Who invented our conservation movement: Hippies? First Nations. Settlers? The answer is none of the above. Conservation was created by 19th century corporations and wealthy urban sportsmen. The first national park in Banff was intended as a resort for the rich. Critics cursed it.
“There is no reason for the government to go into the business of entertaining,” Liberal MP John Kirk of Nova Scotia told the House in 1887. “This is a benefit to the wealthy while the poor people are compelled to foot the bill.”
If the motives of corporations like Banff’s Canadian Pacific Railway resort builders were selfish and narrow, the result was good and beyond debate. There is a park. Wildlife and waterways were preserved.
Wildlife, Conservation and Conflict in Quebec 1840-1914 is the first book we know of that tells the odd story of the birth of ecology in Canada. In anecdote and fascinating detail, author Darcy Ingram confirms conservation was created by millionaires eager to ape the habits of Old Country gentry, “the twinned ideas of ‘improvement’ and ‘patrician culture,’” writes Ingram.
In 1858 the first organization of its kind was created, the Fish & Game Protection Club of Lower Canada. Excluded from membership were Indigenous people and homesteaders who were reduced to prosecution for poaching or paid work as guides. “Conservation amounted to a process of dispossession that saw commercial and subsistence hunters and fishers pushed off the province’s better hunting and fishing territories, stripped of former claims to fish and game resources and left to cope with seasonal and other restrictions,” writes Ingram.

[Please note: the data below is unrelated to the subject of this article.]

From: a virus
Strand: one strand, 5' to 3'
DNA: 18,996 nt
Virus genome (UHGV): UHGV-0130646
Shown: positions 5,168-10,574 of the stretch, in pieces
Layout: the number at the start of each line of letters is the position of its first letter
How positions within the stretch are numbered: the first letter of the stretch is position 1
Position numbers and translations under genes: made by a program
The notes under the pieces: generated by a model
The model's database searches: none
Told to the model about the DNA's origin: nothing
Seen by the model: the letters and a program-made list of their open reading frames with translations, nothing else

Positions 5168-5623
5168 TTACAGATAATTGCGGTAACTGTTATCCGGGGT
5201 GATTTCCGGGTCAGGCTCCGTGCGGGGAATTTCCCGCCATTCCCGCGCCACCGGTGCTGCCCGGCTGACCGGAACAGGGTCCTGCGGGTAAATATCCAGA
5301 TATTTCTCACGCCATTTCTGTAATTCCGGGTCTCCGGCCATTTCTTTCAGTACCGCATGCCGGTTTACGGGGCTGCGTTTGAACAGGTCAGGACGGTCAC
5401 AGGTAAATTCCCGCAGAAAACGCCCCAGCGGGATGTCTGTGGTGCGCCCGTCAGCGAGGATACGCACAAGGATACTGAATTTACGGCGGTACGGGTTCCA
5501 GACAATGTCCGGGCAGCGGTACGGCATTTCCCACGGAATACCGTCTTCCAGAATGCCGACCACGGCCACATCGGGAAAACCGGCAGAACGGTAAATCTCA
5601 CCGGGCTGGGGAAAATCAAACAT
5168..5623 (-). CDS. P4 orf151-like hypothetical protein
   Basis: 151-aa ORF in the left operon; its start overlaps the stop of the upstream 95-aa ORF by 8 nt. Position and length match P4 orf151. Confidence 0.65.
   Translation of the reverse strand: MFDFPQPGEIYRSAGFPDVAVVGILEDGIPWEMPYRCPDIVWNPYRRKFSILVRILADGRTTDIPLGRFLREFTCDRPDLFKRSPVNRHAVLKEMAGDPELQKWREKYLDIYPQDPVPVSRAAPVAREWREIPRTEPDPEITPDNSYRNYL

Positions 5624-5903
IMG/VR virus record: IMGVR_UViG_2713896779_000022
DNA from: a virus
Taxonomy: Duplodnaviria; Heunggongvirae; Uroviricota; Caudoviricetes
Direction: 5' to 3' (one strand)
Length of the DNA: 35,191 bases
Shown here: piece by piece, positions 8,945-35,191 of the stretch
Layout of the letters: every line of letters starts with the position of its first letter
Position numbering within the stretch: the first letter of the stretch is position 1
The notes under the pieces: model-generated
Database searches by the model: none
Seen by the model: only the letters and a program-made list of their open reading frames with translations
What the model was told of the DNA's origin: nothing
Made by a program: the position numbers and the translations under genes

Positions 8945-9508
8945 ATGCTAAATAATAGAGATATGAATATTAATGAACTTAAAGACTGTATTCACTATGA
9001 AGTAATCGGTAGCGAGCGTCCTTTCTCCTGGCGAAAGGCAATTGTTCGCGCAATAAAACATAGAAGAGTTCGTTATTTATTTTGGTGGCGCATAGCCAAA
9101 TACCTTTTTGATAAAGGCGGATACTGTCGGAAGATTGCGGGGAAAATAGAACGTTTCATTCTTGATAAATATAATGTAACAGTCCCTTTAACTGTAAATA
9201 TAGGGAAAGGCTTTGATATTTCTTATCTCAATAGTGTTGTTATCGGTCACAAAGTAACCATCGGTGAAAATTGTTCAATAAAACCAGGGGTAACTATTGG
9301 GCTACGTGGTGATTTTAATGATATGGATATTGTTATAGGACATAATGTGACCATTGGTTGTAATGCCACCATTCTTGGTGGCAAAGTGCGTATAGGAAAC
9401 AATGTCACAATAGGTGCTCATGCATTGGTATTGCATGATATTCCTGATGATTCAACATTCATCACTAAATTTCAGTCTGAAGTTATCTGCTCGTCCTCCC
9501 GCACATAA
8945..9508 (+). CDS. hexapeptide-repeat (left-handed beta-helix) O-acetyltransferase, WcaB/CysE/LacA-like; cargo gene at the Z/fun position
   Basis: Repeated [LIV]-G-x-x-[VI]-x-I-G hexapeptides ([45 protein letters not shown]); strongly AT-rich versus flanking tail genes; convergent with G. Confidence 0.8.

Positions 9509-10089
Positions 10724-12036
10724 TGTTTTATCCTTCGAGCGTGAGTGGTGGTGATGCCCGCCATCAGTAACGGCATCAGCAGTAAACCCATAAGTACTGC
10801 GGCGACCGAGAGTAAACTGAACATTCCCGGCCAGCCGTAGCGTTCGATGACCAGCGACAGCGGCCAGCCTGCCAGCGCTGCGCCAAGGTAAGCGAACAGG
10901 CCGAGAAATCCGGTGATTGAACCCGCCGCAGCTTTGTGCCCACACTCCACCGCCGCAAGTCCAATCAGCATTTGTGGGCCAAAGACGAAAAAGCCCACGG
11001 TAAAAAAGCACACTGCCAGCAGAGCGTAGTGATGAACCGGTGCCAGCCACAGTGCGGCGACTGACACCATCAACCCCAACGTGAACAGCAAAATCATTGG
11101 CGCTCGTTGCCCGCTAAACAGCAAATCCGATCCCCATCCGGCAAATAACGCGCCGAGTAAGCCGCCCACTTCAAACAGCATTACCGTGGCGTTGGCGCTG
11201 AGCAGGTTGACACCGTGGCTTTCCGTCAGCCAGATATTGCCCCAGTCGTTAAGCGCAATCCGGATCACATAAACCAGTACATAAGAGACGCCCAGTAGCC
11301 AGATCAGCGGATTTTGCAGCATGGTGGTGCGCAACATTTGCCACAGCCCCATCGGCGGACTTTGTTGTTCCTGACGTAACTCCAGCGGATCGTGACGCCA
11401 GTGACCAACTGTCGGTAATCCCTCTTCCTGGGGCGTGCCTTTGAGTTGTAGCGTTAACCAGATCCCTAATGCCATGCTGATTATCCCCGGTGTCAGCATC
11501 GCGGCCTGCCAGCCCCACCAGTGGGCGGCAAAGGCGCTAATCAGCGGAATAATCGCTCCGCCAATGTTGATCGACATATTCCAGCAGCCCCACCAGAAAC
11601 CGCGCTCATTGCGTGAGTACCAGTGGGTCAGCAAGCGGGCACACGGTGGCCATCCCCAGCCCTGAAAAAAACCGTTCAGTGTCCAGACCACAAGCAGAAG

Nor were clubs intended to raise hell with industry. Ingram notes there is no instance in which any timber leases were upset for fear of harming the fish, mainly since club members were timber barons. “It was the tremendous wealth generated by the timber industry that led these men to mimic the cultural and material practices of landed society, including the desire to devote their wealth and their leisure time to elite sporting activities such as salmon angling,” writes Ingram.
The elitism was beyond dispute. Prime Minister John Abbott, a Montreal railway attorney who led the country in 1891, owned his own salmon stream. When Quebec auctioned river leases to the very wealthy, buyers at one club included Governor General Lord Dufferin, Finance Minister Alexander Galt, the chair of the Senate banking committee and George Stephen, president of the CPR. In one three-week binge on the Matapedia River in June 1877 Stephen and his guests landed 2,800 pounds of salmon. They donated most of the catch to local villagers.
If their enjoyment was purely private, their legacy is profound: a nation of pristine lakes, streams and forests.
By Tom Korski
Wildlife, Conservation and Conflict in Quebec 1840-1914 by Darcy Ingram; UBC Press; 304 pages; ISBN 9780-7748-21414; $34.95